Learning to conjure mind’s-eye images to inspire and drive the creation of compelling original photographs will lead to greater purpose and satisfaction, and to photographs that reflect authentic and sincere personal expression. To achieve this goal requires a healthy creative engine and the openness, awareness, knowledge and experience to envision a range of possible images, along with some impossible ones too. While the Yeti is more common than the photographer whose creative engine fires on all cylinders at all times, creativity can be nurtured to keep the engine fueled and primed.

One of the many wonderful things about nature photography is that there are an infinite number of pictures as yet undone and as many potential creative journeys. Every step of your personal journey feeds into the creation of your photographs, even if the path includes missteps and apparent failures. Embarking on the journey is the important thing. It’s been said that creativity involves allowing one’s self to make mistakes, while the art is in knowing which ones to keep. It’s not helpful to hang on to regrets about periods of inactivity or creative directions that led to dead ends. Every life experience, every emotion, every new perspective has the potential to spawn creativity.

Ways to Inspire Creativity:

–       Imagine convergence and juxtaposition: Put together visual scenarios in your mind, imagining what would be necessary for each component (and you with your camera) to be present and positioned appropriately in relation to one another. Examples of factors to consider: Weather, season, position and motion of heavenly bodies, tides, elevation, latitude, wildlife behavior, physics of light and optical phenomena, and access and environmental issues.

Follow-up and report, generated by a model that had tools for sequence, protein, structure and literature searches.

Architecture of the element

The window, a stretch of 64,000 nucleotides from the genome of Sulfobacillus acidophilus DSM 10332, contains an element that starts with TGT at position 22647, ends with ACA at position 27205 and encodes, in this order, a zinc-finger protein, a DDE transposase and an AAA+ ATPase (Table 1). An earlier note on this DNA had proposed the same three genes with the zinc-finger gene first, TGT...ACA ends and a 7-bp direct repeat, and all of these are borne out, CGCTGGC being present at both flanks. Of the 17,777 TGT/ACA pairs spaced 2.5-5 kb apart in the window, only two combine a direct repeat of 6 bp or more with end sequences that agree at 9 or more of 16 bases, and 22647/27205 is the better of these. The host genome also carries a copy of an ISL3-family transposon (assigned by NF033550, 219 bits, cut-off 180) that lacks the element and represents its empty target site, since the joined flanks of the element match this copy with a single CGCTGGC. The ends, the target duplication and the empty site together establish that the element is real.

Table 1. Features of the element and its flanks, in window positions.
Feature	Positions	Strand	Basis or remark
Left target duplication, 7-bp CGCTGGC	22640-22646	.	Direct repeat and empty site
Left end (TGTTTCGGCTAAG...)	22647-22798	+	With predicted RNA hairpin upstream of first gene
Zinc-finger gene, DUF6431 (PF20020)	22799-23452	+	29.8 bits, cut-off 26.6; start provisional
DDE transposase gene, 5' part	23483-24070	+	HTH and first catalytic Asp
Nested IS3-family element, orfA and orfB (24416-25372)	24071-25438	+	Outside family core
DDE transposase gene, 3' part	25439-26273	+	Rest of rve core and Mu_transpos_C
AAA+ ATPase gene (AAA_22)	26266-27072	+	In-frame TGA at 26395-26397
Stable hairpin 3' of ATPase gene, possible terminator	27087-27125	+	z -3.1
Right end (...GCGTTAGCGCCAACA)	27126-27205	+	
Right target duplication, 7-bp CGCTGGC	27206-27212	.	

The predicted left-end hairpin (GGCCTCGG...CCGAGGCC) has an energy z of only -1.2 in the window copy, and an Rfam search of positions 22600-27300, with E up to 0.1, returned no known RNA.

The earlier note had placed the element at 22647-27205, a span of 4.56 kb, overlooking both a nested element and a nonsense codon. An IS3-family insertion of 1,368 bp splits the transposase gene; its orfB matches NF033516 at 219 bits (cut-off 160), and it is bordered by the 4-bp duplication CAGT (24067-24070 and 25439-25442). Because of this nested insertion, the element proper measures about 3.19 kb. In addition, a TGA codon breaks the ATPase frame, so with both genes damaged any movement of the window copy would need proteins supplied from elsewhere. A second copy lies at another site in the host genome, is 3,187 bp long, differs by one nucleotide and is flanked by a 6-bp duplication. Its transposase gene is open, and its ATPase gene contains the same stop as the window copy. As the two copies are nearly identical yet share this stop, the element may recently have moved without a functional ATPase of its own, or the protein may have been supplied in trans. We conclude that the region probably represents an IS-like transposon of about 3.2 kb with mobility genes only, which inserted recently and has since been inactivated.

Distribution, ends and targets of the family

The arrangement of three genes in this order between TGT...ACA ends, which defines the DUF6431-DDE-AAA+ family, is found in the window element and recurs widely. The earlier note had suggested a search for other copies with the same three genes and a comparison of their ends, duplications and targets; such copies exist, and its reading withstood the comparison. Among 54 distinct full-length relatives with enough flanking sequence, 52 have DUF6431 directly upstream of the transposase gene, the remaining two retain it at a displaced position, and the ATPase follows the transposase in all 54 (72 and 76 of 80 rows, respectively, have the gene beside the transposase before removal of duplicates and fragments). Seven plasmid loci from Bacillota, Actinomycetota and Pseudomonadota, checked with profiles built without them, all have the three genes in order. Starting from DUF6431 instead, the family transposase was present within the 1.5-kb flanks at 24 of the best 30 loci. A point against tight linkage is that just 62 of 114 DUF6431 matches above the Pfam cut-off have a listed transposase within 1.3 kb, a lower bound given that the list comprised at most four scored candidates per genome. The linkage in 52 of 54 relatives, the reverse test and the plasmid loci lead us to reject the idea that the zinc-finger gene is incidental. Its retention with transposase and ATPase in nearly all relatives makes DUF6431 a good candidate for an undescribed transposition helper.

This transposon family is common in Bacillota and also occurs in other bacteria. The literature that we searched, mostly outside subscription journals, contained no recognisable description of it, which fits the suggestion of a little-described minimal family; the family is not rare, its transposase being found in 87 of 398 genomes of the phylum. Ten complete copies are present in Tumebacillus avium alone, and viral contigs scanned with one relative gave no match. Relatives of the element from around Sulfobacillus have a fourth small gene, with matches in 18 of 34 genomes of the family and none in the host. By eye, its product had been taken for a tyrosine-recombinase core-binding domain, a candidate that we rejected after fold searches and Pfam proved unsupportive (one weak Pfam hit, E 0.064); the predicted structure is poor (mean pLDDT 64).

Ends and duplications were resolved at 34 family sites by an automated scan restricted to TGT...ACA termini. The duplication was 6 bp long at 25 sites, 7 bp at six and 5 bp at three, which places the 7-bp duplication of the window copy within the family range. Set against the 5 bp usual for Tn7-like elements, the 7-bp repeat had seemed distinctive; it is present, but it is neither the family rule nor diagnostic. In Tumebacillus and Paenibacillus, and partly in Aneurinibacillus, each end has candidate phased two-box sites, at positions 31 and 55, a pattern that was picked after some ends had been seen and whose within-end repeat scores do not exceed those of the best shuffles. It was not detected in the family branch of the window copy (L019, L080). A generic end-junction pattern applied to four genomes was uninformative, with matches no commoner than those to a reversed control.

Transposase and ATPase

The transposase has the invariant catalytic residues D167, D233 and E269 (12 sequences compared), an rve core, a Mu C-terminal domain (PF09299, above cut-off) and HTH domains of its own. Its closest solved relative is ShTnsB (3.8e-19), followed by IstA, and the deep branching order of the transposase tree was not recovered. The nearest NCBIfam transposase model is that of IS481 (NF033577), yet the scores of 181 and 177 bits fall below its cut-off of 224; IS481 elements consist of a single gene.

–       Practice visual “scales”: Use your eyes to investigate the world around you in a detailed way, including things that seem at first very familiar and mundane. Get up close to nature. You can do this anytime, even walking through a city park on the way to work, but try to find some peaceful time to go slow. You might add a piece of heavy card stock with a window cut in it (or a commercially available Visualizer card), to practice finding compositions without a camera. Then, close your eyes and spend some time touching, smelling, and listening to nature to spark your visual imagination.